Attention Merchant Business Model

In an asymmetric business model, the organization doesn’t monetize the user directly, but it leverages the data users provide coupled with technology, thus having a key customer pay to sustain the core asset. For example, Google makes money by leveraging users’ data, combined with its algorithms sold to advertisers for visibility. This is how attention merchants make monetize their business models.

Wholesale Business Model

The wholesale model is a selling model where wholesalers sell their products in bulk to a retailer at a discounted price. The retailer then on-sells the products to consumers at a higher price. In the wholesale model, a wholesaler sells products in bulk to retail outlets for onward sale. Occasionally, the wholesaler sells direct to the consumer, with supermarket giant Costco the most obvious example.

Retail Business Model

A retail business model follows a direct-to-consumer approach, also called B2C, where the company sells directly to final customers a processed/finished product. This implies a business model that is mostly local-based, it carries higher margins, but also higher costs and distribution risks.


A B2B2C is a particular kind of business model where a company, rather than accessing the consumer market directly, it does that via another business. Yet the final consumers will recognize the brand or the service provided by the B2B2C. The company offering the service might gain direct access to consumers over time.

Crowdsourcing Business Model

The term “crowdsourcing” was first coined by Wired Magazine editor Jeff Howe in a 2006 article titled Rise of Crowdsourcing. Though the practice has existed in some form or another for centuries, it rose to prominence when eCommerce, social media, and smartphone culture began to emerge. Crowdsourcing is the act of obtaining knowledge, goods, services, or opinions from a group of people. These people submit information via social media, smartphone apps, or dedicated crowdsourcing platforms.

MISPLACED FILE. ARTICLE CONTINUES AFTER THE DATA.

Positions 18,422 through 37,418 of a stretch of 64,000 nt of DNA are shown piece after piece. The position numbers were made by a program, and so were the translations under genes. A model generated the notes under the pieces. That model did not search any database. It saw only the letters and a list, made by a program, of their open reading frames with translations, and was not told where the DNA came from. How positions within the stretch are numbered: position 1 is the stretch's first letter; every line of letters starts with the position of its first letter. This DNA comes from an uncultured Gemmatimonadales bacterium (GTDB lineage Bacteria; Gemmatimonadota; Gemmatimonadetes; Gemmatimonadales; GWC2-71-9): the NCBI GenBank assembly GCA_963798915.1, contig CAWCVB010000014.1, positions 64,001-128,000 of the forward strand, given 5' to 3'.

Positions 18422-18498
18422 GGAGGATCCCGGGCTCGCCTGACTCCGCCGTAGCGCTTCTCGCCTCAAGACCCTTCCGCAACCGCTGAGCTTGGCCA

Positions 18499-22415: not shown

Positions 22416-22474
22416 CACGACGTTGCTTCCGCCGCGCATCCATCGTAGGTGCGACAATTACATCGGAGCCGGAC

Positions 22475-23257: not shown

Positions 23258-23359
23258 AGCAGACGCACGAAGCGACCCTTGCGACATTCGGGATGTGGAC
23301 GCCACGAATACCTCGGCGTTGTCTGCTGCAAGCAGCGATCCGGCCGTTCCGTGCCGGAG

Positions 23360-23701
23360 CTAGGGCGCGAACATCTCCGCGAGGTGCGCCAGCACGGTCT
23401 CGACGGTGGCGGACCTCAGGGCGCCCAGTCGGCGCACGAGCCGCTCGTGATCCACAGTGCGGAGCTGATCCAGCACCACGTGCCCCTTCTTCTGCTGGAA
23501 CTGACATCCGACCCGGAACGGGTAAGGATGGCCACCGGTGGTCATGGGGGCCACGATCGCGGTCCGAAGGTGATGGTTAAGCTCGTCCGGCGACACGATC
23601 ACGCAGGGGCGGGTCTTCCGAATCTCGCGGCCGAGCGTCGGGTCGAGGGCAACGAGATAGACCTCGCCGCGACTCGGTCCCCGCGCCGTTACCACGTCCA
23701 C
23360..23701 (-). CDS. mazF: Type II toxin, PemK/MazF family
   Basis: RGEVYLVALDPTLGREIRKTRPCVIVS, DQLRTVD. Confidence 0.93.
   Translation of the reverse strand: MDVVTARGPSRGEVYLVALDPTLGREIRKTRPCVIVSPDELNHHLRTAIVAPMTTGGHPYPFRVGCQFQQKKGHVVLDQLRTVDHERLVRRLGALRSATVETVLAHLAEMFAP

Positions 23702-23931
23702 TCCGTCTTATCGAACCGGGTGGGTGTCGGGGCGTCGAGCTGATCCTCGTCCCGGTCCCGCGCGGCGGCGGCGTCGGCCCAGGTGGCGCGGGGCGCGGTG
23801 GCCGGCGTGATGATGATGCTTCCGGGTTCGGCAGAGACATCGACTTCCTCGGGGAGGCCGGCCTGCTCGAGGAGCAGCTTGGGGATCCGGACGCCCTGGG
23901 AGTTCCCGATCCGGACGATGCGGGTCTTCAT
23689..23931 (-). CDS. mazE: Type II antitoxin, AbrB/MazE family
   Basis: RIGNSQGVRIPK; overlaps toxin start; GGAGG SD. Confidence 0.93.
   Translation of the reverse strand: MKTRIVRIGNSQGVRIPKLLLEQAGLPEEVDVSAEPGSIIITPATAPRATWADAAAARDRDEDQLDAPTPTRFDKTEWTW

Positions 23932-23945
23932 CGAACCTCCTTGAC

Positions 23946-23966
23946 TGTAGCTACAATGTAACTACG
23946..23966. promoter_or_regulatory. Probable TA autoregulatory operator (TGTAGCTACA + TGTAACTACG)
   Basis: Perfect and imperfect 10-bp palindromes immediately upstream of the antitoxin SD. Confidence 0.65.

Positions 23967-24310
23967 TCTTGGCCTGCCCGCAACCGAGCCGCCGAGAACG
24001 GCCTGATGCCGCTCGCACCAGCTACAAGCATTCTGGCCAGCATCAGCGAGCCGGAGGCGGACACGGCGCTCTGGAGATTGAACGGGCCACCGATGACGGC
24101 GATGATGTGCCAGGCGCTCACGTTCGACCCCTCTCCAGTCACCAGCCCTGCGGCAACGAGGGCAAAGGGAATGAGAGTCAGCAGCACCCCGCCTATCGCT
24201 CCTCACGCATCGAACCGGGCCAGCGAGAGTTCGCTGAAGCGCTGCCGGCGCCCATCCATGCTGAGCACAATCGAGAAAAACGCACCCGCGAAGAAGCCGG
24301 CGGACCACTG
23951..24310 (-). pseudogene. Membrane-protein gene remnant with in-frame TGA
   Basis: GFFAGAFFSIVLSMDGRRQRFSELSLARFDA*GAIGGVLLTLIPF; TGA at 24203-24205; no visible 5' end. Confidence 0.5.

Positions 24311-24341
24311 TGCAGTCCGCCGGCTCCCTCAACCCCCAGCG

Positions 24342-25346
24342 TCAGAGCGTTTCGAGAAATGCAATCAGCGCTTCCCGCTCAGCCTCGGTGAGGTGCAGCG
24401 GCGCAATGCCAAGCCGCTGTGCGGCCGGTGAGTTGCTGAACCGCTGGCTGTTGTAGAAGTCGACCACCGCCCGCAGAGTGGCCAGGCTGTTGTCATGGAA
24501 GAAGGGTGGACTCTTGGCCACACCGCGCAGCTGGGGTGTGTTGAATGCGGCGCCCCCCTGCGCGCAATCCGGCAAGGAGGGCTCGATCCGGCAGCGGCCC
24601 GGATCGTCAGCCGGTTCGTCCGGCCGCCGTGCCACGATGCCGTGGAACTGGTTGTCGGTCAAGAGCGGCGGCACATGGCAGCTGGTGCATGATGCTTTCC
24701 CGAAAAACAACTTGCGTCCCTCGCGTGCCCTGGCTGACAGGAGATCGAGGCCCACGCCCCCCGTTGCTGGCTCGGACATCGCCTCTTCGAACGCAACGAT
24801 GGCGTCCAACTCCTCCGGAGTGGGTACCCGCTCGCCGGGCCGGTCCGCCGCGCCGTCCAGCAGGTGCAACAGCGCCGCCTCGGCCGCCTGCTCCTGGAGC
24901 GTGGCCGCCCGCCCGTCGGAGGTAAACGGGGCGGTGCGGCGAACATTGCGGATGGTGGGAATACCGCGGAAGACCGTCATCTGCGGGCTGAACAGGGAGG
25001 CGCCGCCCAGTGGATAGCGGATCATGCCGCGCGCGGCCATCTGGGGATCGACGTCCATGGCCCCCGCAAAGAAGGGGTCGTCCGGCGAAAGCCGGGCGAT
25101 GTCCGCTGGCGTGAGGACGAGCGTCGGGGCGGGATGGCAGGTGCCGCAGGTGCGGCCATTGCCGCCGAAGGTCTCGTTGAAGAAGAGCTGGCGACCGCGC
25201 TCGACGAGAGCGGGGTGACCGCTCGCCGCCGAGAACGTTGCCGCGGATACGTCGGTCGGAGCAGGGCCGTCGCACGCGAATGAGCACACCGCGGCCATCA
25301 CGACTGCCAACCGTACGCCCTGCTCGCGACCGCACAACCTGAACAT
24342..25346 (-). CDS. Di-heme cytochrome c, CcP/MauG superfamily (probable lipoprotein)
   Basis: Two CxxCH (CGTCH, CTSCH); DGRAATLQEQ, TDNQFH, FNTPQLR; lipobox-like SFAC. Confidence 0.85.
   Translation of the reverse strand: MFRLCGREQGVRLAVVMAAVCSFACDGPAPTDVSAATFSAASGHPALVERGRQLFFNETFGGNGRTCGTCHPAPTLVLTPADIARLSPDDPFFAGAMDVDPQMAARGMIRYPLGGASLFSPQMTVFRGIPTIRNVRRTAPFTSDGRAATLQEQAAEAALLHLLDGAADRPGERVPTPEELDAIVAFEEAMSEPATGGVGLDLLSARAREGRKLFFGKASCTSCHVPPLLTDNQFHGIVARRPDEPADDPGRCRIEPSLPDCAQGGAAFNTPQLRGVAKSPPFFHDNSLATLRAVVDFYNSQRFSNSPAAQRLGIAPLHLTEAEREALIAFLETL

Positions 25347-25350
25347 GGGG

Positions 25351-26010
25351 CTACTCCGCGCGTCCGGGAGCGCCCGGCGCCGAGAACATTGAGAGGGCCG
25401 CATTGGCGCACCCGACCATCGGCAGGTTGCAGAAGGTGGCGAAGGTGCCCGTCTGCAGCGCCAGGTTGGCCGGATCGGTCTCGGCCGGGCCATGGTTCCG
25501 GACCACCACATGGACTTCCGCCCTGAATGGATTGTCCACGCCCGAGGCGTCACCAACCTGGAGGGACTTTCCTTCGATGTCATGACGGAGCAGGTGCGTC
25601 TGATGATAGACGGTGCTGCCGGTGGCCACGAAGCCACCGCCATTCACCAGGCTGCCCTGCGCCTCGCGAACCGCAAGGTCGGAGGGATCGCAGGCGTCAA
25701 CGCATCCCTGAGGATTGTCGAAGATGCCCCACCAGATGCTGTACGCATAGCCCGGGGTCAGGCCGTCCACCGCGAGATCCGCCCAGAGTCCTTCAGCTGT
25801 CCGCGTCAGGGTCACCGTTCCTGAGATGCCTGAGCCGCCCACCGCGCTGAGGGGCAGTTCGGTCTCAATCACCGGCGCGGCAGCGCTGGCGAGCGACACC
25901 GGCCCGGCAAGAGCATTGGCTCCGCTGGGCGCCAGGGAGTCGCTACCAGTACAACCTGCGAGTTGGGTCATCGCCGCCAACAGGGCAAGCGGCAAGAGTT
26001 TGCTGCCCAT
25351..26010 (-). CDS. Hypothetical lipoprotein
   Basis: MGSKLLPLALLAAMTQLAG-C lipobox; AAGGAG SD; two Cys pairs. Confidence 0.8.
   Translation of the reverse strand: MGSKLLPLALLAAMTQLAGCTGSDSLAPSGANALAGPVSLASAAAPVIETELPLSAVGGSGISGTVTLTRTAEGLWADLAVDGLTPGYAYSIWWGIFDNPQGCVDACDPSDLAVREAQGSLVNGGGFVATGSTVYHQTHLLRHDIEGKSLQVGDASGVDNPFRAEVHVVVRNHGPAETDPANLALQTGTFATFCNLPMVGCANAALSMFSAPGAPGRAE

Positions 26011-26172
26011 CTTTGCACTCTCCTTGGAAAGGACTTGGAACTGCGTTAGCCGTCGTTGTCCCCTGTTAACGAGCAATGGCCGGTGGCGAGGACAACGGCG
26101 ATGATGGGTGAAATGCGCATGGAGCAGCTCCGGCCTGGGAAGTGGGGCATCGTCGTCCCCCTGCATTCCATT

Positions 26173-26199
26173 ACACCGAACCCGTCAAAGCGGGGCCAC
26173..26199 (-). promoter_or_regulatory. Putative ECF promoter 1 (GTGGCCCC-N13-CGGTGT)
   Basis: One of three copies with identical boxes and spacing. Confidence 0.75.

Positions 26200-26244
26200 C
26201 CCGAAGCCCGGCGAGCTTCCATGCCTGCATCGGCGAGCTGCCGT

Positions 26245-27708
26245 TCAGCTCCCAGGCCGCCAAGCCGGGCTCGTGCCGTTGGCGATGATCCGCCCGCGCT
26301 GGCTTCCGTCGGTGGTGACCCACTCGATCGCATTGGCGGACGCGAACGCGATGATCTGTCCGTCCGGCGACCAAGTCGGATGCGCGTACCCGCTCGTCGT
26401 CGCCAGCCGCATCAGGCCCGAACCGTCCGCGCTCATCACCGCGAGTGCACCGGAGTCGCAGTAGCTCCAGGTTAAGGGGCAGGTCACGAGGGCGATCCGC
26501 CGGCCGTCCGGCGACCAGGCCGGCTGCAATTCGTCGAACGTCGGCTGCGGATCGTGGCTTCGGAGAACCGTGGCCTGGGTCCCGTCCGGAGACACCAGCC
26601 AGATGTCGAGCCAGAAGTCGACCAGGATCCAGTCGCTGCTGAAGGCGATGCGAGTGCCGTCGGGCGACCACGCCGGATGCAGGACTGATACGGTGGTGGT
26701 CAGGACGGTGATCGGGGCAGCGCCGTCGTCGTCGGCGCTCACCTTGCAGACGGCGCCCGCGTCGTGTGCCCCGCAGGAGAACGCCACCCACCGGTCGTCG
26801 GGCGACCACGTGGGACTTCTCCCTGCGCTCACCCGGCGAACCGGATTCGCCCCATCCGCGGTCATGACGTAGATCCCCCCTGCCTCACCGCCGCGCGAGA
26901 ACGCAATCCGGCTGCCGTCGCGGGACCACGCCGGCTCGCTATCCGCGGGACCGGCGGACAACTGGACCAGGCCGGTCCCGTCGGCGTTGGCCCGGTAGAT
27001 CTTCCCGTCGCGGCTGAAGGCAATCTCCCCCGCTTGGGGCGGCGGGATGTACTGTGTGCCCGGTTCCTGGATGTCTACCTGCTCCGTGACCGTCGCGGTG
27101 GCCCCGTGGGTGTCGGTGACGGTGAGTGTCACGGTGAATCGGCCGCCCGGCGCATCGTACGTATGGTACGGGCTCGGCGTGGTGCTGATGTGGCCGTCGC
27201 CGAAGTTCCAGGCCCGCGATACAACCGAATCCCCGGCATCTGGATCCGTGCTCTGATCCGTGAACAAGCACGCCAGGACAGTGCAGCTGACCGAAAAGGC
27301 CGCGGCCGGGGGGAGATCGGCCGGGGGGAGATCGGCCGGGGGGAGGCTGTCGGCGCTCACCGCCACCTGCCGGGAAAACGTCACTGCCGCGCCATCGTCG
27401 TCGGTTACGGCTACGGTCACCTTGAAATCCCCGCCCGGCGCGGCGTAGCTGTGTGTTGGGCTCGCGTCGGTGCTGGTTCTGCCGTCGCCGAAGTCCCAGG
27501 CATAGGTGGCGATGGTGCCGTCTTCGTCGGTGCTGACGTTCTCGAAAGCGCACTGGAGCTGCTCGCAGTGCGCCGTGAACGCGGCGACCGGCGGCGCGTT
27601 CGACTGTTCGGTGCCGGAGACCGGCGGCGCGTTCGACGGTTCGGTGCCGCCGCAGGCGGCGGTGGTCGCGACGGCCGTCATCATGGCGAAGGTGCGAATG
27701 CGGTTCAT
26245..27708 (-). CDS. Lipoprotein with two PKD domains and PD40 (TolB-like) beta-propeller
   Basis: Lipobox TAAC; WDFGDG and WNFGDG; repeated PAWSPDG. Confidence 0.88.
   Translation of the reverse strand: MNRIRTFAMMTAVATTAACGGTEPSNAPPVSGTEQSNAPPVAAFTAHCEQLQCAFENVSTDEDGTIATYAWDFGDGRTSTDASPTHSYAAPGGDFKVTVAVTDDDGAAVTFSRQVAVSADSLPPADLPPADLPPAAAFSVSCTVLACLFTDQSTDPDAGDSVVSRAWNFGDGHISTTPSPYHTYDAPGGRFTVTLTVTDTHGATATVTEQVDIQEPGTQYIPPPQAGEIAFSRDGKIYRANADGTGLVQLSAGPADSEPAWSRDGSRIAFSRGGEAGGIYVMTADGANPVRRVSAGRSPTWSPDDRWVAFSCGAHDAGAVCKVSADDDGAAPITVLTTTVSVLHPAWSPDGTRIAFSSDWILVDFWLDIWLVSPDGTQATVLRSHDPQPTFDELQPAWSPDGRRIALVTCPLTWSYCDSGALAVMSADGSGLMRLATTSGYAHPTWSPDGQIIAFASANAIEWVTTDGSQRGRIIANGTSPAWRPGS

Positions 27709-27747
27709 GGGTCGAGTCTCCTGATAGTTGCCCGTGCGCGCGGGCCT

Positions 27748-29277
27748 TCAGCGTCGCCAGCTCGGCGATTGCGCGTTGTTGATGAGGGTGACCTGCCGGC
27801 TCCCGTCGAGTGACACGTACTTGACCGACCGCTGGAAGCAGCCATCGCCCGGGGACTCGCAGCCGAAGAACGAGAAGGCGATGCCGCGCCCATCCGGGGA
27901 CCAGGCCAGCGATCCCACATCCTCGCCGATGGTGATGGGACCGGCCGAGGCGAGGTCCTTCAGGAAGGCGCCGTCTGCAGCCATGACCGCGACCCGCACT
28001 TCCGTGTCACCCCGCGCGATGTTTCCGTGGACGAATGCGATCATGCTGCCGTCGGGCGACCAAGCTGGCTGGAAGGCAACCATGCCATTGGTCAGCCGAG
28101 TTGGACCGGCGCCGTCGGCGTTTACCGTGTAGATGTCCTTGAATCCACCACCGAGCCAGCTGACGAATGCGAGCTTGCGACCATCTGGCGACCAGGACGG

Open-Core Business Model

While the term has been coined by Andrew Lampitt, open-core is an evolution of open-source. Where a core part of the software/platform is offered for free, while on top of it are built premium features or add-ons, which get monetized by the corporation who developed the software/platform. An example of the GitLab open core model, where the hosted service is free and open, while the software is closed.

Open Source vs. Freemium

Open source is licensed and usually developed and maintained by a community of independent developers. While the freemium is developed in-house. Thus the freemium give the company that developed it, full control over its distribution. In an open-source model, the for-profit company has to distribute its premium version per its open-source licensing model.

Freemium Business Model

The freemium – unless the whole organization is aligned around it – is a growth strategy rather than a business model. A free service is provided to a majority of users, while a small percentage of those users convert into paying customers through the sales funnel. Free users will help spread the brand through word of mouth.

Freeterprise Business Model

A freeterprise is a combination of free and enterprise where free professional accounts are driven into the funnel through the free product. As the opportunity is identified the company assigns the free account to a salesperson within the organization (inside sales or fields sales) to convert that into a B2B/enterprise account.

Franchising Business Model

In a franchained business model (a short-term chain, long-term franchise) model, the company deliberately launched its operations by keeping tight ownership on the main assets, while those are established, thus choosing a chain model. Once operations are running and established, the company divests its ownership and opts instead for a franchising model.